Who is at risk for tooth decay?

We all host bacteria in our mouths which makes everyone a potential target for cavities. Risk factors that put a person at a higher risk for tooth decay include:

  • High levels of the bacteria that cause cavities
  • Diets high in sweets, carbohydrates, and sugars
  • Water supplies with limited or no fluoridation
  • Poor oral hygiene
  • Reduced salivary flow
  • Age (children and older adults are at an increased risk for tooth decay)
  • Diets high in sweets, carbohydrates, and sugars

What are the symptoms of tooth decay and dental caries?

The following are the most common signs and symptoms of tooth decay and dental caries. However, each child may experience them differently. Signs may include white spots on the teeth that appear first. Then, an early cavity appears that has a light brown color on the tooth. The tooth color progressively becomes darker and a hole (cavitation) may appear. Symptoms, such as sensitivity to sweets and cold beverages or foods may occur.

How is tooth decay diagnosed?

Dental caries is usually diagnosed based on a complete history and physical exam of your child. This may be done by your child’s health care provider or your child’s dentist

How can tooth decay be prevented?

Preventing tooth decay and cavities involves these simple steps:

  • Start brushing your child’s teeth as soon as the first one appears. Brush the teeth, tongue, and gums twice a day with a fluoridated toothpaste, or supervise them brushing their teeth.
    • For children less than 3 years old, use only a small amount of toothpaste, about the size of a grain of rice.
    • Starting at 3 years of age, use a pea-sized amount of toothpaste.
  • Floss your child’s teeth daily after age 2.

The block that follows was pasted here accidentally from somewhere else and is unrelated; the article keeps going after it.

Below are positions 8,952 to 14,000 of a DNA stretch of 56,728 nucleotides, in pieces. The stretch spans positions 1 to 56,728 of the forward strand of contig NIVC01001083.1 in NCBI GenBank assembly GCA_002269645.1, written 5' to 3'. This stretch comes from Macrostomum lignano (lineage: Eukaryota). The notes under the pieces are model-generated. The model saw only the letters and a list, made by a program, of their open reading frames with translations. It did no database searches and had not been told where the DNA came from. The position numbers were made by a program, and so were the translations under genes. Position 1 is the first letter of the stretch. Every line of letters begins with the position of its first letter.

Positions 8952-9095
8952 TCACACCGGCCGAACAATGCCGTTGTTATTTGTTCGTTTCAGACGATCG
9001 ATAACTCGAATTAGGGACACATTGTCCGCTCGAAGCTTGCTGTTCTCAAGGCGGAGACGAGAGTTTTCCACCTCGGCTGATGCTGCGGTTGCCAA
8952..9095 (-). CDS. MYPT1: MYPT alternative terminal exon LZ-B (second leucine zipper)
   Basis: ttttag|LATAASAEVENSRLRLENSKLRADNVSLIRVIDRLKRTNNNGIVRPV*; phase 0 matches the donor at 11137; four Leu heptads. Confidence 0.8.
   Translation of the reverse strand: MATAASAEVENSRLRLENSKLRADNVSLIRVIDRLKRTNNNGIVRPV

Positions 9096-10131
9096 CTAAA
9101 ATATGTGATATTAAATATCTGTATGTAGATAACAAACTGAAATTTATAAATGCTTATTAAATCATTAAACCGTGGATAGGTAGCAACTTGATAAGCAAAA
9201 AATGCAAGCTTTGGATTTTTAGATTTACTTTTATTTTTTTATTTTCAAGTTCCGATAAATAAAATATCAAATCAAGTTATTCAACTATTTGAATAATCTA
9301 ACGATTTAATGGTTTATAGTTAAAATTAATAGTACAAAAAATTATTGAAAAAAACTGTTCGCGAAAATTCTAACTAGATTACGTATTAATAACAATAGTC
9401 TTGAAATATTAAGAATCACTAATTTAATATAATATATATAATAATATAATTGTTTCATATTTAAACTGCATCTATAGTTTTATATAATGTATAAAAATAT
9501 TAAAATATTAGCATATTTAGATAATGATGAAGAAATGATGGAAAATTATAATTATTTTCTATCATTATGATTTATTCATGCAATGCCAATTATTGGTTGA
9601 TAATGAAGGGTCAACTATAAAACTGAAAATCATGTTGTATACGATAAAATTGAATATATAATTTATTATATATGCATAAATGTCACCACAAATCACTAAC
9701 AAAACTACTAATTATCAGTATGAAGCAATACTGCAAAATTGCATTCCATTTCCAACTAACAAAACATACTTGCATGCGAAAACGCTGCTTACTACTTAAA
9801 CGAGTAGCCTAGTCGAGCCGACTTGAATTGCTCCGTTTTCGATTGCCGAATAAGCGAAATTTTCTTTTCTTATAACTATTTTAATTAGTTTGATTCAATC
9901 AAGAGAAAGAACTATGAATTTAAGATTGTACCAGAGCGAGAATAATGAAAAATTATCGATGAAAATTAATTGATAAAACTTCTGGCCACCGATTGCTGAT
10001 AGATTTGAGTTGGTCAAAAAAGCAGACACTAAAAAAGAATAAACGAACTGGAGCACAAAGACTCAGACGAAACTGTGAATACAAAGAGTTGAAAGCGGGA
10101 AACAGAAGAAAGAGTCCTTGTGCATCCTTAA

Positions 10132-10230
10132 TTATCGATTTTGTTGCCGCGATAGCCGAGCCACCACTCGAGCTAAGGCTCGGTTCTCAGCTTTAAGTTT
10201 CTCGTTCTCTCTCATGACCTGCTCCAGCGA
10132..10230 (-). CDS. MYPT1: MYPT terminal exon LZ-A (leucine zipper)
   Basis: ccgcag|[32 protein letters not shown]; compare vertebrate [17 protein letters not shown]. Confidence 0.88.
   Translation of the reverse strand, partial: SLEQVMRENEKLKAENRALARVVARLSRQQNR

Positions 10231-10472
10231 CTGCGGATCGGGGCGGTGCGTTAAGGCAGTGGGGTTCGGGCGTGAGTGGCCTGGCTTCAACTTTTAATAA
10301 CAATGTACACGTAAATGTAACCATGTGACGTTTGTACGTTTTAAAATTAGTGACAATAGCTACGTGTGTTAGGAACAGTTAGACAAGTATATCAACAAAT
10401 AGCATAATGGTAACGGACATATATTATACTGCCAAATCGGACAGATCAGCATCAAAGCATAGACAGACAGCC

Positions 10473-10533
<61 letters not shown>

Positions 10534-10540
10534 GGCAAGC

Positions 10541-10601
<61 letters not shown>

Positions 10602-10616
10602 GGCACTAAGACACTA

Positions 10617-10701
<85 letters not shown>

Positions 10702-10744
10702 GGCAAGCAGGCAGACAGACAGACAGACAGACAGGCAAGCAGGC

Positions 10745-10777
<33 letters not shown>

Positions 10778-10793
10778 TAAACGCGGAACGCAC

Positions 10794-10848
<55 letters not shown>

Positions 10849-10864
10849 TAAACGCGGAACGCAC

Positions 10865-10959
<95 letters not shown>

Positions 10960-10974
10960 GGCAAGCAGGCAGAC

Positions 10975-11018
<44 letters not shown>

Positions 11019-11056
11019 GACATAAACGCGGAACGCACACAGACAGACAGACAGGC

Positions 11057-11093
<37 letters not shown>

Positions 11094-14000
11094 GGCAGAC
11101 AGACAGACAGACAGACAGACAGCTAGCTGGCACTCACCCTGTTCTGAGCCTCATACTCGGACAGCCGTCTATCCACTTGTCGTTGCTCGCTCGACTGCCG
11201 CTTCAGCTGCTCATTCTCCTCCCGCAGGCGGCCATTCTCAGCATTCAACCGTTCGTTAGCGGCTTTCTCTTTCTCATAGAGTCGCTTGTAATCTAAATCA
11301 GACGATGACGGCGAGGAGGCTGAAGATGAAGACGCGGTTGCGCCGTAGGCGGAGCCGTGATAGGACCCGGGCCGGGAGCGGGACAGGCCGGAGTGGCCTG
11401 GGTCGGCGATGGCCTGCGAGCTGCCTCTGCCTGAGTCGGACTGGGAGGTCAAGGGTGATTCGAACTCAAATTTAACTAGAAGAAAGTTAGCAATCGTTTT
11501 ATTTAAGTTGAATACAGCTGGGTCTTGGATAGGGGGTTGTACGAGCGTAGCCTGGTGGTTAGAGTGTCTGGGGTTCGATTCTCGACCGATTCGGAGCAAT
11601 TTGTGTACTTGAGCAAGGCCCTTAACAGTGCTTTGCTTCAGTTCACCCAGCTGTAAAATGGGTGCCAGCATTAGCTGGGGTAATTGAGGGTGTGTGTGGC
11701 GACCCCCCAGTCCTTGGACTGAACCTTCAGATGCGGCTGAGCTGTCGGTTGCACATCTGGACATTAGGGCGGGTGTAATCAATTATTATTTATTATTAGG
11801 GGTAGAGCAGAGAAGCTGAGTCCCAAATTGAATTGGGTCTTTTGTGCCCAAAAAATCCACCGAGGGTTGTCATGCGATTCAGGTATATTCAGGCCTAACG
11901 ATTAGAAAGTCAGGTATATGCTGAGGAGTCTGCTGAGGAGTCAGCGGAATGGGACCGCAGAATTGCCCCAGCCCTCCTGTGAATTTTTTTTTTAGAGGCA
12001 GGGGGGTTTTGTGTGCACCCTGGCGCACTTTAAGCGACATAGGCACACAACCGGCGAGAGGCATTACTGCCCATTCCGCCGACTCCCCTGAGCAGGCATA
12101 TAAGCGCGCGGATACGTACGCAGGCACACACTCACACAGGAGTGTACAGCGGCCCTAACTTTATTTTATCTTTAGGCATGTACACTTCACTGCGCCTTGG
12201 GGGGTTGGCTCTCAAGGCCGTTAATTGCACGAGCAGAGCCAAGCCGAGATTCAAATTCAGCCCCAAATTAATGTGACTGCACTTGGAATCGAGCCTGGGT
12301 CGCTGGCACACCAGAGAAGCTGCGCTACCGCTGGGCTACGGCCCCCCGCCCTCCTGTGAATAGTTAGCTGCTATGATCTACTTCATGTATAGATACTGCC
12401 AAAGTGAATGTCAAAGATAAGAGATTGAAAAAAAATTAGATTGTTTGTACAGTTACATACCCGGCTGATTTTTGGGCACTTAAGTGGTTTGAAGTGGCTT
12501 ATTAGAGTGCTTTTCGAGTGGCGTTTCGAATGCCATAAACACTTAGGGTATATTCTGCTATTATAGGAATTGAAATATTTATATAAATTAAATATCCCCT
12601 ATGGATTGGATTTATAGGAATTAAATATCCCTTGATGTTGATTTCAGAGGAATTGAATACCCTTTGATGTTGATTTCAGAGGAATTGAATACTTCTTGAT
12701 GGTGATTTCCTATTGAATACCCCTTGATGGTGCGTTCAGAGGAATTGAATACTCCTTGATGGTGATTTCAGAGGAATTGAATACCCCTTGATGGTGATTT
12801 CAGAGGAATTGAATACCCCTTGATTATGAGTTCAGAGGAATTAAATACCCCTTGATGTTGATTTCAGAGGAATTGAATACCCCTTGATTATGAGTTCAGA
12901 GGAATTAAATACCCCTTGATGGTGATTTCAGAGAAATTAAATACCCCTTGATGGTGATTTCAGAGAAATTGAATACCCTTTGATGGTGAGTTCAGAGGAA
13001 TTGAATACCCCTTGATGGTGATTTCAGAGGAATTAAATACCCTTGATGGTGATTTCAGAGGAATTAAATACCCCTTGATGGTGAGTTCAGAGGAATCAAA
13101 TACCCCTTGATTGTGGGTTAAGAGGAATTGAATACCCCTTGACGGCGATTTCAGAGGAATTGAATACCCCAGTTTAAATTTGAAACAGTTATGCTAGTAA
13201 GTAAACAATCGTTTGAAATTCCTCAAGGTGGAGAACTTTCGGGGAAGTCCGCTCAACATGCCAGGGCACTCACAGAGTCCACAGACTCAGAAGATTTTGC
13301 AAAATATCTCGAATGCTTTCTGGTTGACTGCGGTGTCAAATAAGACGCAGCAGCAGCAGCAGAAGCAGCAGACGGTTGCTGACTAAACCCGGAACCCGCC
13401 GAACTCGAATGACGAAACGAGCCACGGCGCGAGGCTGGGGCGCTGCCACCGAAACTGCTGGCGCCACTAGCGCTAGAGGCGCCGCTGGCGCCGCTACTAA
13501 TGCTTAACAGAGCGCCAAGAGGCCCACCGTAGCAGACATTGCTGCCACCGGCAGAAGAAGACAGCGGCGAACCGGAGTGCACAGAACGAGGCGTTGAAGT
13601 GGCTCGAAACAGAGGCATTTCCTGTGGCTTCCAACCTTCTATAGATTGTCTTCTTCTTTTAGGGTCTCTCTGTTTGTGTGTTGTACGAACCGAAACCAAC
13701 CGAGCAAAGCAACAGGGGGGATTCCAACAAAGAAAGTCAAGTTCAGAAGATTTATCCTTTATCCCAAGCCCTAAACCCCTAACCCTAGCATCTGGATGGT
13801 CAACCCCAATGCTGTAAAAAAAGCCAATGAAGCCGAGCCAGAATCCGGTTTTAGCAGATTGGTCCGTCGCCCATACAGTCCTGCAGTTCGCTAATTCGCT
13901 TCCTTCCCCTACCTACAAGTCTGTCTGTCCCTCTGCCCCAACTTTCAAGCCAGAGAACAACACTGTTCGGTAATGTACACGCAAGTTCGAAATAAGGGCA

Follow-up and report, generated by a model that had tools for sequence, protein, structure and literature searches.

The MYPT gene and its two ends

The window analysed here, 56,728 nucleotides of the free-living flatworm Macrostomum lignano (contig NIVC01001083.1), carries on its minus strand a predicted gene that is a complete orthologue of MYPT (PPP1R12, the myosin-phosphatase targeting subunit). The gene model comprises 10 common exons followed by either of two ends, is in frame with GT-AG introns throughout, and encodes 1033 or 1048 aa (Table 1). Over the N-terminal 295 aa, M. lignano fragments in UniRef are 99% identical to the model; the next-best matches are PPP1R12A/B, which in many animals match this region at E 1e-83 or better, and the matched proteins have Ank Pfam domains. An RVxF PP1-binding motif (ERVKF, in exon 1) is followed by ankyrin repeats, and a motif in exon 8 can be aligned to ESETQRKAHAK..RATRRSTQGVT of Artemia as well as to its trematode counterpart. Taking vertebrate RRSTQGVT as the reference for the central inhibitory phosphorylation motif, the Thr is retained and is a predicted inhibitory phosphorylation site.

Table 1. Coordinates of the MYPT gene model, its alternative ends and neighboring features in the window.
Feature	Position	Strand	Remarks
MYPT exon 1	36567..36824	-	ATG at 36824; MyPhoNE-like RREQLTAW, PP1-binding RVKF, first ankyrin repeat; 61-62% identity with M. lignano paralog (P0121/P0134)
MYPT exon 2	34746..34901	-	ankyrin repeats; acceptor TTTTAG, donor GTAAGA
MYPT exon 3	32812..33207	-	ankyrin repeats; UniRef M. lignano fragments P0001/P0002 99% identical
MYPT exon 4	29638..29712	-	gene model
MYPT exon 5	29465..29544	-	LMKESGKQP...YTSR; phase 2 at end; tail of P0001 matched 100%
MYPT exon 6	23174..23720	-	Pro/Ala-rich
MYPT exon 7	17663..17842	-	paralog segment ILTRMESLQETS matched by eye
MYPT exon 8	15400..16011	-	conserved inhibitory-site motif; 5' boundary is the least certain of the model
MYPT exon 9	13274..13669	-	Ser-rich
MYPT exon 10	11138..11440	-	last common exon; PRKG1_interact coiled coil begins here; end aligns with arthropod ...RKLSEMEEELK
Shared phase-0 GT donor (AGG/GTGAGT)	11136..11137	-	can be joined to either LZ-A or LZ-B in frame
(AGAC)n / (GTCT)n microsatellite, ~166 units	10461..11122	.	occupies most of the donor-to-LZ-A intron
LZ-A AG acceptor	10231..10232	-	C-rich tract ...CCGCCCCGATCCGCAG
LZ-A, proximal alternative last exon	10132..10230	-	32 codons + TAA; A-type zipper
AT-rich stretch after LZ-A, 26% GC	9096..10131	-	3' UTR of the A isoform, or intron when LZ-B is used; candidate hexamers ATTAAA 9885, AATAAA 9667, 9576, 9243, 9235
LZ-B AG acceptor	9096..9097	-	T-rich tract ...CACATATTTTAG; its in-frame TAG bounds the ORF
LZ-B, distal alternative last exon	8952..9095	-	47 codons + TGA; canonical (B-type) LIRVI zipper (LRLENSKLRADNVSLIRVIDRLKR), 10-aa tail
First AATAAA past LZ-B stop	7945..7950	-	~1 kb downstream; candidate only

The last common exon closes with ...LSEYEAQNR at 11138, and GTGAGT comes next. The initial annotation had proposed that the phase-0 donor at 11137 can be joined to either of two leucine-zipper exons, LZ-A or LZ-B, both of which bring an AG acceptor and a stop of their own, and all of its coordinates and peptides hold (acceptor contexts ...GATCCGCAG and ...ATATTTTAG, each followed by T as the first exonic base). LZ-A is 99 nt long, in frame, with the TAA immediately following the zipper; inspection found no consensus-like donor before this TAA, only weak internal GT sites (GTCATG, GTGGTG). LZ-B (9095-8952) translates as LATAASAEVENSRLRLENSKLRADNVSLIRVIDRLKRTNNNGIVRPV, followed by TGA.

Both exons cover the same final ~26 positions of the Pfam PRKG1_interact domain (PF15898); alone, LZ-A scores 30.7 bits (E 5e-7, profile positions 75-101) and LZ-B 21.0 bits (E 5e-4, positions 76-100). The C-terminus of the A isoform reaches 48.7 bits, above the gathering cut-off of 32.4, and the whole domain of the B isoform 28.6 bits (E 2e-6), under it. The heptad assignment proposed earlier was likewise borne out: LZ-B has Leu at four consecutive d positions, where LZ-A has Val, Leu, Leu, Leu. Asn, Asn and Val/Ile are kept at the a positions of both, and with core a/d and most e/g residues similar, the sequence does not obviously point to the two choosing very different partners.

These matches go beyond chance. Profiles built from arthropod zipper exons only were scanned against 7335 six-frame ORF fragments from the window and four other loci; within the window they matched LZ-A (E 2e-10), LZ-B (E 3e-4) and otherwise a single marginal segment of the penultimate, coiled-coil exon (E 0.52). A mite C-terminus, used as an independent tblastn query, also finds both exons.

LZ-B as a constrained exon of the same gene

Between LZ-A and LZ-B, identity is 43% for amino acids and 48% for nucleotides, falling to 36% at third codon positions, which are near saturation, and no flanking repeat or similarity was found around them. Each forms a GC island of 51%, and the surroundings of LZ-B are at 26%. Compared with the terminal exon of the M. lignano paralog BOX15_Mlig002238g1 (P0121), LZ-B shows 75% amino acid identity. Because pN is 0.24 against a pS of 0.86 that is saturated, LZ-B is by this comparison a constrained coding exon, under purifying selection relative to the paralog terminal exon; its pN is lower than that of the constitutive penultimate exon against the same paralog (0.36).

• Make sure your child eats a well-balanced diet and limit or eliminate sugary snacks.
  • Consult your child’s health care provider or dentist about the use of supplemental fluoride , if you live in an area without fluoridated water.
  • Also ask about dental sealants and fluoride varnish. Both are applied to the teeth.
  • Schedule routine (every 6 months) dental cleanings and exams for your child.

What is the treatment for tooth decay?

Treatment, in most cases, requires removing the decayed part of the tooth and replacing it with a filling.

What are fillings?

Fillings (also called restorations) are materials placed in teeth to repair damage caused by tooth decay (caries or cavities). Advances in dental materials and techniques provide new, effective ways to restore teeth.

There are several different types of restorations, including:

Direct restorations

These require a single visit to place a filling directly into a prepared cavity or hole. Materials used for these filings include dental amalgam, also known as silver fillings; glass ionomers; resin ionomers; and some composite (resin) fillings.

Amalgam fillings have been used for decades, and have been tested for safety and resistance to wear. Dentists have found amalgams to be safe, reliable, and effective for restorations.

Glass ionomers are tooth-colored materials made from fine glass powders and acrylic acids. These are used in small fillings that don’t have to withstand heavy pressure from chewing. Resin ionomers are made from glass with acrylic acids and acrylic resin.

Indirect restorations

These require two or more visits and include inlays, onlays, veneers, crowns, and bridges. These are constructed with gold, base metal alloys, ceramics, or composites. At the first visit, a dentist will prepare the tooth and make an impression of the area that will be restored. At the second visit, the dentist will place the new restoration into the prepared area. Some offices use newer technology called CAD/CAM (computer-aided design or computer-aided manufacturing) that allows them to produce the indirect restoration in the office and deliver it at the same appointment, saving the patient a return visit.

For an indirect restoration, a dentist may use an all-porcelain, or ceramic, application. This material looks like natural tooth enamel in color and translucency. Another type of indirect restoration may use porcelain that’s fused to metal, which provides additional strength. Gold alloys are used often for crowns or inlays and onlays. Less expensive alternatives to gold are base metal alloys that can be used in crowns and are resistant to corrosion and fracture. Indirect composites are similar to those used for fillings and are tooth-colored, but they aren’t as strong as ceramic or metal restorations.